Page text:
Crying Wolf over School Cuts HOWARD COUNTY

June 03, 1993

Now that the Howard County Board of Education has approved an operating budget for the coming school year, it's time to step back and assess the damage. Board members were frustrated and angry about the $4.5 million in cuts they were forced to make to the school system's original $203 million spending plan.

Judging from the changes, however, we fail to see the justification for all the frustration and anger. Certainly, we don't believe board Vice Chairwoman Susan Cook's assessment of state and county leaders as having "let the students of Howard County down" by not giving the school system everything it sought.

Yes, sacrifices were made in whittling school spending. The most troublesome, far-reaching and potentially risky change entails starting the high school day 15 minutes earlier to save $360,000 in transportation costs. Having students report to school by 7:30 a.m. may put them in harm's way, particularly while waiting for school buses on rural roads almost before dawn. We also question how receptive over-tired students will be in class.

As for the other major cuts, however, we can only wonder why they weren't made sooner. Reducing the amount of money to bus private and parochial school students to school seems a reasonable deletion, as does cutting out an after-school gifted and talented dance program. Eliminating the high school interscholastic golf and gymnastics programs also seemed in order. The golf program only attracted 32 students countywide and Howard was one of only a few counties in Maryland to offer scholastic gymnastics.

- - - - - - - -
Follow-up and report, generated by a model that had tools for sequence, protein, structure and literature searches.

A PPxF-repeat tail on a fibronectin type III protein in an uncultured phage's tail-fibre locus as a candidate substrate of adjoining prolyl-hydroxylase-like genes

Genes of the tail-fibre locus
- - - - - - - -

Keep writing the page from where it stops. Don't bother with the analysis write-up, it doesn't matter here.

There may come a time when cutbacks would not only jeopardize the county system's reputation as one of the best, but also impair the education of children. But that point has not been reached.

As we have all come to realize, the last decade was one of excess for which we all are now paying. Frugality is being demanded at all levels, and there is no reason to expect differently from the school system. Board members should be thankful that county officials have promised to restore $2.2 million in funding if income tax revenues increase by 10 percent before January. Crying wolf about the commitment of the county and state to education will only confuse the public should the need really arise to sound that warning.

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